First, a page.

The Schönberger-Laumann 1892 is an early Austrian self-loading pistol. It is developed from the Laumann 1891, which is known for being one of the first, if not the first, self-loading pistols produced.
The Schönberger-Laumann pistols were developed from older pistols that Josef Laumann himself designed and developed in 1891; in fact, the weapons were developed from older manually-operated repeating pistols that Laumann developed. His original pistols were submitted to the Austo-Hungarian army for testing, but got rejected.
Laumann later decided to sell some of his patents to the Schönberger brothers; both parties later collaborated to create the Schönberger-Laumann pistol. The weapon was later submitted to the Austro-Hungarian army for testing by the Schönberger brothers, but due to the weapon being constructed of parts that were held over from the original repeating Laumann pistols which were thoroughly obsolete at the time, Laumann's design was rejected once again.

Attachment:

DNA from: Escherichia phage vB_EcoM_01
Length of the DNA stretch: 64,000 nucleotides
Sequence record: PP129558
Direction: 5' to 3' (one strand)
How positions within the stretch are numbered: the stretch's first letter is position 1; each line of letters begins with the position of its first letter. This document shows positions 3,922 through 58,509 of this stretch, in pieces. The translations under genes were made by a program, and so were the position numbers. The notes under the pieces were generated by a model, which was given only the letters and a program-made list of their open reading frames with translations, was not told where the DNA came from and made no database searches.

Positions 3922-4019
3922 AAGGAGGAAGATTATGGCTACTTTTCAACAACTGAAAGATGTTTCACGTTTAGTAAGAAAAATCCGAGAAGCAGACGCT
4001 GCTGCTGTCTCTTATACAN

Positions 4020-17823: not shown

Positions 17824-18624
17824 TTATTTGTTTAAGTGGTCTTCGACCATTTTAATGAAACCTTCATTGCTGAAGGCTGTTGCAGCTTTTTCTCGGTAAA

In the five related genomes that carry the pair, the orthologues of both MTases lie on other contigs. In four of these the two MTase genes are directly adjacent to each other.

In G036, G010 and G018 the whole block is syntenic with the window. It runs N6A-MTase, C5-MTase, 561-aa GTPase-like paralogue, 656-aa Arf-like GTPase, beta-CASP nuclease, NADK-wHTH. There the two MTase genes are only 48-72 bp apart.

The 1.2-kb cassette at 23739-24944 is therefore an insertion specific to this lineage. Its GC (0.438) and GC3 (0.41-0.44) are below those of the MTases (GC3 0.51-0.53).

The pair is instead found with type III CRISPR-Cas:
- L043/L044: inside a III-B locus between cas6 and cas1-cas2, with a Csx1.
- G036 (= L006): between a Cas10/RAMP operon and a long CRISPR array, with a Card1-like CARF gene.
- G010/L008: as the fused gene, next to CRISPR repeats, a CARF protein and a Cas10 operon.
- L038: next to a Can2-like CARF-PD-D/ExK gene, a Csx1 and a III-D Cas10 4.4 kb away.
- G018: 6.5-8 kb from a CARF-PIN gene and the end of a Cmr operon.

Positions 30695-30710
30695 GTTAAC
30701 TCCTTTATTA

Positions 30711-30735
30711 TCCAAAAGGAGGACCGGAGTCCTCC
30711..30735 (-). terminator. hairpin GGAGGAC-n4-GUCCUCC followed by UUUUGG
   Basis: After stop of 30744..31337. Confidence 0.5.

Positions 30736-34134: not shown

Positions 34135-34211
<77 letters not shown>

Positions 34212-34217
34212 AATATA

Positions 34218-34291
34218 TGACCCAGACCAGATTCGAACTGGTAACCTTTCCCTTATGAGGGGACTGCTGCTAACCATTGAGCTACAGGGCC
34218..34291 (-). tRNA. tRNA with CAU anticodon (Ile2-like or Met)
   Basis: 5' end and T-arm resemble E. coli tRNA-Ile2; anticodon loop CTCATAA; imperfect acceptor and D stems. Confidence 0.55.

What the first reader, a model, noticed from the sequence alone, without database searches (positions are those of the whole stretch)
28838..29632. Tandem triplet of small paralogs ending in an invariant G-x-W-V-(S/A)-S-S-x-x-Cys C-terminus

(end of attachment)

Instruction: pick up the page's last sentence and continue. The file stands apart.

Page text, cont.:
It is rumored that Laumann did not take too kindly to his weapon being rejected by the army and committed suicide as a result of that.
The weapon is a self-loading pistol that uses a lot of parts from Laumann's older designs. Just like his older designs, the weapon uses a 5-round Mannlicher-styled en-bloc clip. The cocking lever is on the right side of the weapon and also acts as the safety. Because the weapon uses many parts from Laumann's older designs, it has somewhat similar ergonomics to his older designs, such as a big round button on the right side of the weapon used to eject the en-bloc clips.
The Schönberger-Laumann uses a 7.8×19mmR cartridge, also known as the 8mm Schönberger.